One of the first European books on China - read (and download) it for free on Google Books

Athanasii Kircheri E Soc. Jesu China Monumentis Qva Sacris quà Profanis, Nec non variis Naturae & Artis Spectaculis, Aliarumque rerum memorabilium Argumentis Illustrata
Athanasius Kircher  - 1 January 1667
Joannes Janssonius à Waesberge & Elizeus Weyerstraet - Publisher

This book is written in Latin language, which means pretty much no one can read it any more however there are a lot of interesting illustrations in the book.

Another reason for taking a look at the book would be the fact that this was one of the first books published in Europe covering the topic of Chinese civilization (in other words it took Europe two thousand years to notice another important country and culture "just over the hill").

One may say things are not much better even today.

You can find and download this book here.

Test post # 2

Mr Niú Hóng Míng's Calligraphy

This is one of several pieces of calligraphy bought from Mr Niú Hóng Míng (牛宏明) from a small city in Hubei Province in China (the city is called 十堰,  Shíyàn). More information and Mr Niu's contact information can be found here:

If you want to buy some Chinese calligraphy from Mr. Niu here is his contact information:

This is his address: 


His telephone number is: +86-719-878-3110 

Mr Niu doesn't speak any English.

Test post # 1

64. Wei Chi / Before Completion


 This hexagram indicates a time when the transition from disorder to order is not yet completed.

The change is indeed prepared for, since all the lines in the upper trigram are in relation to those in the lower. However, they are not yet in their places. While the preceding hexagram offers an analogy to autumn, which forms the transition from summer to winter, this hexagram presents a parallel to spring, which leads out of winter's stagnation into the fruitful time of summer.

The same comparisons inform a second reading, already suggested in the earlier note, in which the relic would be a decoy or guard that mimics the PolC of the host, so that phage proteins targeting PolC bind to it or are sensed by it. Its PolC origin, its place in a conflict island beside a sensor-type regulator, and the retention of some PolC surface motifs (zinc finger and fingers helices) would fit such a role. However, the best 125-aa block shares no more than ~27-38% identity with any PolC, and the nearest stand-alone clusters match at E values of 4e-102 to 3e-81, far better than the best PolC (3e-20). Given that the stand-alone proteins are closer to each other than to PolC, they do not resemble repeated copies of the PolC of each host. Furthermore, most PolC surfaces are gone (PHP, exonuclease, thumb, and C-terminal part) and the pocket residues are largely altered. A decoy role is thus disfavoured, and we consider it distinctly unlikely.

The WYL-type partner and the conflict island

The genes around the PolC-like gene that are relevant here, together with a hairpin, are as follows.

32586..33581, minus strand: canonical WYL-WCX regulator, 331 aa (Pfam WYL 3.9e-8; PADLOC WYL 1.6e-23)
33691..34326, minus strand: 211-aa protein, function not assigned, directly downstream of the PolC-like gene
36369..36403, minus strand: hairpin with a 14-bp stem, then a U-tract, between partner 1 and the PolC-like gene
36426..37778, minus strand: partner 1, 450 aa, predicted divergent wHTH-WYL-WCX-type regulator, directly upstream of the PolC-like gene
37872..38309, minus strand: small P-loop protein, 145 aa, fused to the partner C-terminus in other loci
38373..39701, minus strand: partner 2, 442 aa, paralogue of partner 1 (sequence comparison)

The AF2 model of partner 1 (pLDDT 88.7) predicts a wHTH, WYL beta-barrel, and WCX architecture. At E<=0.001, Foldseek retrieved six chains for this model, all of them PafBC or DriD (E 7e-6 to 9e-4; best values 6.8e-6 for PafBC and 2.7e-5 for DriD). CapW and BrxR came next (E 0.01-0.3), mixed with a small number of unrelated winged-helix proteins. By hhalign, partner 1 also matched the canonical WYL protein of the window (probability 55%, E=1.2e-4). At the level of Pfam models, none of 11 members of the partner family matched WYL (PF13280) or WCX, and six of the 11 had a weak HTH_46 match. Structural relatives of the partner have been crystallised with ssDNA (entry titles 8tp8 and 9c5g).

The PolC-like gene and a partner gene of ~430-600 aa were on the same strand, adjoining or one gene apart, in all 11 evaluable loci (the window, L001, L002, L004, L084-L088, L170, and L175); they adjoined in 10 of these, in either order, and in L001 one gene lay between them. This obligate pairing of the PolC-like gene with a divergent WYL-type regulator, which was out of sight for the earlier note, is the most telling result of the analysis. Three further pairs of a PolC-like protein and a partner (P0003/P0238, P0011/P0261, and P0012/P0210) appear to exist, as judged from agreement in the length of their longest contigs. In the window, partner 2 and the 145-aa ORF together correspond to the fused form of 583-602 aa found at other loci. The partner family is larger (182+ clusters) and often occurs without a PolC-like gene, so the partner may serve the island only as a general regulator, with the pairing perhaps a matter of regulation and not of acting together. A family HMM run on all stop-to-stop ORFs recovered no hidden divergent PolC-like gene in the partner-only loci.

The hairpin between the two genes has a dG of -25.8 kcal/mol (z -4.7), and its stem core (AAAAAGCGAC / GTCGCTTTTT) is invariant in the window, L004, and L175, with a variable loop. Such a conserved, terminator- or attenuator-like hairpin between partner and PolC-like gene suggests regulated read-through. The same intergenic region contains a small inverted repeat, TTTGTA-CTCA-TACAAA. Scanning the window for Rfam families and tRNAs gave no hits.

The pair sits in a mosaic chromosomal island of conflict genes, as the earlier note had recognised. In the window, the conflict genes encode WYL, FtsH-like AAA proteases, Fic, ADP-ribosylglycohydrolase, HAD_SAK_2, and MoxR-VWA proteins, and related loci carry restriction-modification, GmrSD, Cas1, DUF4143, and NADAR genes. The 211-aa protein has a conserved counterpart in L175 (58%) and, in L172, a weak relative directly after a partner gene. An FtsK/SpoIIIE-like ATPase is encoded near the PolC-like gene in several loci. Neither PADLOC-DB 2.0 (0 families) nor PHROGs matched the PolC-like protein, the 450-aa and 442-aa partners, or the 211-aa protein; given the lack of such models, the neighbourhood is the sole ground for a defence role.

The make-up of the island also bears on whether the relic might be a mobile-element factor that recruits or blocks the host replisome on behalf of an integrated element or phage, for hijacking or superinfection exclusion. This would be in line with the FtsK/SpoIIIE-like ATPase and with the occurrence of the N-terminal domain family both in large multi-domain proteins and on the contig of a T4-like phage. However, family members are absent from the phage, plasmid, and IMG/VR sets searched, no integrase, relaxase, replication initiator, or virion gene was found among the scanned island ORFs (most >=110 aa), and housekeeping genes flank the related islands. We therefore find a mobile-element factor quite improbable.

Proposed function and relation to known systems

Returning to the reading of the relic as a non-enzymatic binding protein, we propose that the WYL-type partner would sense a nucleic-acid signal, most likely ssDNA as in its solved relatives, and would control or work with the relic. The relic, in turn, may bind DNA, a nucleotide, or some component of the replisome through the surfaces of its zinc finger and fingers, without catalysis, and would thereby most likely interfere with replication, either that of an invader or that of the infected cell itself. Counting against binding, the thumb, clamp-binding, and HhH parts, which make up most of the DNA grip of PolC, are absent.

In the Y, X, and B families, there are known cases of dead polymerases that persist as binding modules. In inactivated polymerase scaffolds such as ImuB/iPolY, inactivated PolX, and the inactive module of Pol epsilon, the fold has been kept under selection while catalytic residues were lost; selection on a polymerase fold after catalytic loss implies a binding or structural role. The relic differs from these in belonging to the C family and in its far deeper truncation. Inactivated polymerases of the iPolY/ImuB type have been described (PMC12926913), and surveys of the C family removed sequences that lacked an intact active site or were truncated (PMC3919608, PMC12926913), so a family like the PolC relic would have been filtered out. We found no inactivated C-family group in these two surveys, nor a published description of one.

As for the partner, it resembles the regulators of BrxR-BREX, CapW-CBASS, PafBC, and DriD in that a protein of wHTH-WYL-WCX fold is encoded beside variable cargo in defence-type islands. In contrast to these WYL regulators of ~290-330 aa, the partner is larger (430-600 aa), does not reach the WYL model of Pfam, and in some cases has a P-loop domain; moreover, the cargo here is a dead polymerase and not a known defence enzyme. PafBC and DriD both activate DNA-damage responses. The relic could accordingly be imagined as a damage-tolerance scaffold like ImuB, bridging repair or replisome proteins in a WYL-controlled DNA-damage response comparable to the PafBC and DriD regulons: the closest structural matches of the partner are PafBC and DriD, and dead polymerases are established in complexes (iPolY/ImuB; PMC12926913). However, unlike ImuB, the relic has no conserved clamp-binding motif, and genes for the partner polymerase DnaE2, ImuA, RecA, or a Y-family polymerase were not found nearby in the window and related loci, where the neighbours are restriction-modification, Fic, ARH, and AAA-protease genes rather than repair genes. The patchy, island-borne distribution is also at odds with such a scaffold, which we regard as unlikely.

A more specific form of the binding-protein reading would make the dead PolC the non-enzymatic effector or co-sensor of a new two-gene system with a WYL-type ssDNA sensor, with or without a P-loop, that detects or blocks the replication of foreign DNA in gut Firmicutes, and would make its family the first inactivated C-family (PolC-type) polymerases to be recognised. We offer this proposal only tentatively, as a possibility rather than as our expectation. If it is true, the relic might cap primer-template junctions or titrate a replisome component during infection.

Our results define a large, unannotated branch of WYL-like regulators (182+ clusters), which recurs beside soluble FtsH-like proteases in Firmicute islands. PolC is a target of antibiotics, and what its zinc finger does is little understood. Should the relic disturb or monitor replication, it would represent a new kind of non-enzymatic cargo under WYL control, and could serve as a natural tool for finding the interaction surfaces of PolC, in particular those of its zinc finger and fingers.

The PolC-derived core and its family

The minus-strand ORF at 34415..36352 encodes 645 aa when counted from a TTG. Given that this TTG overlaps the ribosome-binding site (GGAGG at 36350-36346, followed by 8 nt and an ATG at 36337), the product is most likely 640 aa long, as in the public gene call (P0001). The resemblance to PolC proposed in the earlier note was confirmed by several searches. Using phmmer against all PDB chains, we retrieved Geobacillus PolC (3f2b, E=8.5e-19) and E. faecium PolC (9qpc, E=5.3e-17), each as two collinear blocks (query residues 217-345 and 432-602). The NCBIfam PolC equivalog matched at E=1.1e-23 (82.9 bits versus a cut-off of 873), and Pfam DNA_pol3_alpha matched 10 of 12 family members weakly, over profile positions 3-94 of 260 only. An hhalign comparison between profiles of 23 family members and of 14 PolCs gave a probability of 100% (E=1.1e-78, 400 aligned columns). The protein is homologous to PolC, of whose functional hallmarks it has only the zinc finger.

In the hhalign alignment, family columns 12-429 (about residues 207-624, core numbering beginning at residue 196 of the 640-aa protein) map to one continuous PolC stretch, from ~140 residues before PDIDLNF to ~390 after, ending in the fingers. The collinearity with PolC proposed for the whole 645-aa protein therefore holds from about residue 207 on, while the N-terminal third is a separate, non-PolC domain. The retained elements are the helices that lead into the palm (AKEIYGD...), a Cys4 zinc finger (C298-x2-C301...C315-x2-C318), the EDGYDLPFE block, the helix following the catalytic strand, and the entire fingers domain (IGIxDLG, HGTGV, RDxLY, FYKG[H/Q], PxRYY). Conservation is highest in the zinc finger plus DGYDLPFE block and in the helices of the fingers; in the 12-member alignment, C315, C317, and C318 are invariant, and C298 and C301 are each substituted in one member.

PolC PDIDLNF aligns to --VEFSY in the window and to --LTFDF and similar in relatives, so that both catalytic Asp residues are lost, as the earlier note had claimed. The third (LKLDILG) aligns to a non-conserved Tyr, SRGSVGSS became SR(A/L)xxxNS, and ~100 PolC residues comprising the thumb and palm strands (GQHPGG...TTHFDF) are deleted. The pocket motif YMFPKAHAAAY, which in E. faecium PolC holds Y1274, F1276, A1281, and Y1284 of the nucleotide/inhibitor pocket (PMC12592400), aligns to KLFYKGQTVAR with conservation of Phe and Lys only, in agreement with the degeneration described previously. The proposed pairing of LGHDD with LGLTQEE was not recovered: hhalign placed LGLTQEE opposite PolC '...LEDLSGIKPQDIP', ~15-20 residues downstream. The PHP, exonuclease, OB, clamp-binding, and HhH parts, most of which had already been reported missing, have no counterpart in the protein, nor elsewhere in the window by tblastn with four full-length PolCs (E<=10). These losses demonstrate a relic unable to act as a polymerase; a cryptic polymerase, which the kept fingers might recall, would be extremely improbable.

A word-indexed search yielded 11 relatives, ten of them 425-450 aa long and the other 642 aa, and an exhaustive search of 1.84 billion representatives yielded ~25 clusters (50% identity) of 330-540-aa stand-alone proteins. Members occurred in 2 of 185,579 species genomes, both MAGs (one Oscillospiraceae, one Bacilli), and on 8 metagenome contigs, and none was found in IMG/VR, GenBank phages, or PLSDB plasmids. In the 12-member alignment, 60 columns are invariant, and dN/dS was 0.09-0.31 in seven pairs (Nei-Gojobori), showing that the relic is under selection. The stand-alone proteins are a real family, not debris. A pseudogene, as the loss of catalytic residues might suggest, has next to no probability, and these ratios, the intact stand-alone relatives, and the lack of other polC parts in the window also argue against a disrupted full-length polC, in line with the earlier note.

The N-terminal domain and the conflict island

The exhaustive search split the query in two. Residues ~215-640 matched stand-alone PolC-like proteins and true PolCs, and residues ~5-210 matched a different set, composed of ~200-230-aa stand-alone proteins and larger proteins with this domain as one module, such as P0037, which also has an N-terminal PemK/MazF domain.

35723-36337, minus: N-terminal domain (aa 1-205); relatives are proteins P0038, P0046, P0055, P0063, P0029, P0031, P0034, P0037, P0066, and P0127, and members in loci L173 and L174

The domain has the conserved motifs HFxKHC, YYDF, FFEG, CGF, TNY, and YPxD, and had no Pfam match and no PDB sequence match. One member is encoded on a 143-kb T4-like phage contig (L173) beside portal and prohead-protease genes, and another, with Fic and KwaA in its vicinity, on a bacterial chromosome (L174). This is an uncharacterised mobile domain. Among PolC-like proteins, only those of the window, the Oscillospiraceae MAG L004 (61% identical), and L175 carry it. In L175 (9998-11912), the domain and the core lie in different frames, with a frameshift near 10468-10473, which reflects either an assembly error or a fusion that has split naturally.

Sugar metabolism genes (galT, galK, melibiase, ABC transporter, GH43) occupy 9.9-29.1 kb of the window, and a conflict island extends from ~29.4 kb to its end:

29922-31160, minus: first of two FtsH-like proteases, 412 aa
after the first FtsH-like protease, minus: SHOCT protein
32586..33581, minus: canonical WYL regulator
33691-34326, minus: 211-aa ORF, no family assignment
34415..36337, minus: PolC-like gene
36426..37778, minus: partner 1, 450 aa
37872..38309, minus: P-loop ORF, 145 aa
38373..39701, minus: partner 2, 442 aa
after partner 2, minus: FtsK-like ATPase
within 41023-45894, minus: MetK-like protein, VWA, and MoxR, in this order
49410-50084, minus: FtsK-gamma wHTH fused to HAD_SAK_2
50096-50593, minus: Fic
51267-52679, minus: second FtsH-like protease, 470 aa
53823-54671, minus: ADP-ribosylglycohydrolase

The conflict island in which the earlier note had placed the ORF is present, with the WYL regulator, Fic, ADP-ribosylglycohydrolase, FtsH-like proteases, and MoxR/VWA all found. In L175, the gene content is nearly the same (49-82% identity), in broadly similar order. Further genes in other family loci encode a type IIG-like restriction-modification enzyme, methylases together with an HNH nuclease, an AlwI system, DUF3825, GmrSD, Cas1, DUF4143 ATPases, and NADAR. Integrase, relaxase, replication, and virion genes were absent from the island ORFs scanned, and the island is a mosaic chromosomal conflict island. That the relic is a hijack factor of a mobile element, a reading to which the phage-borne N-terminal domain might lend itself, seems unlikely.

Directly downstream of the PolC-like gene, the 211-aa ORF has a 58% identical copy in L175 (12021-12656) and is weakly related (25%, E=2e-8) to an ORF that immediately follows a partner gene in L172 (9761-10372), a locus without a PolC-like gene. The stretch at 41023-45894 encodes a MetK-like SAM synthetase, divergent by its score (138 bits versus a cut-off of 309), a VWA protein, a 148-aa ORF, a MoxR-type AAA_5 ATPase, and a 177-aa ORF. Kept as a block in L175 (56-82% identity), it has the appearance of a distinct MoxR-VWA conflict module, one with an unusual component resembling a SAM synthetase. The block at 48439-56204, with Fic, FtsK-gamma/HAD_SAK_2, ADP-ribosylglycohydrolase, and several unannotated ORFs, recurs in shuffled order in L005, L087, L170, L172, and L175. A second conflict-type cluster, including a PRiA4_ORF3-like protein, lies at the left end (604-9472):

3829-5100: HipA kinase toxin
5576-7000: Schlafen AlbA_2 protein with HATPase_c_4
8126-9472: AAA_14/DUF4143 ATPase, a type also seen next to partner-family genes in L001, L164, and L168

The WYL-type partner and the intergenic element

With this hopeful outlook the Book of Changes come to its close.

 But if the little fox, after nearly completing the crossing,
 Gets his tail in the water,
 There is nothing that would further.

 The conditions are difficult. The task is great and full of responsibility. It is nothing less than that of leading the world out of confusion back to order. But it is a task that promises success, because there is a goal that can unite the forces now tending in different directions. At first, however, one must move warily, like an old fox walking over ice. The caution of a fox walking over ice is proverbial in China. His ears are constantly alert to the cracking of the ice, as he carefully and circumspectly searches out the safest spots. A young fox who as yet has not acquired this caution goes ahead boldly, and it may happen that he falls in and gets his tail wet when he is almost across the water. Then of course his effort has been all in vain. Accordingly, in times "before completion," deliberation and caution are the prerequisites of success.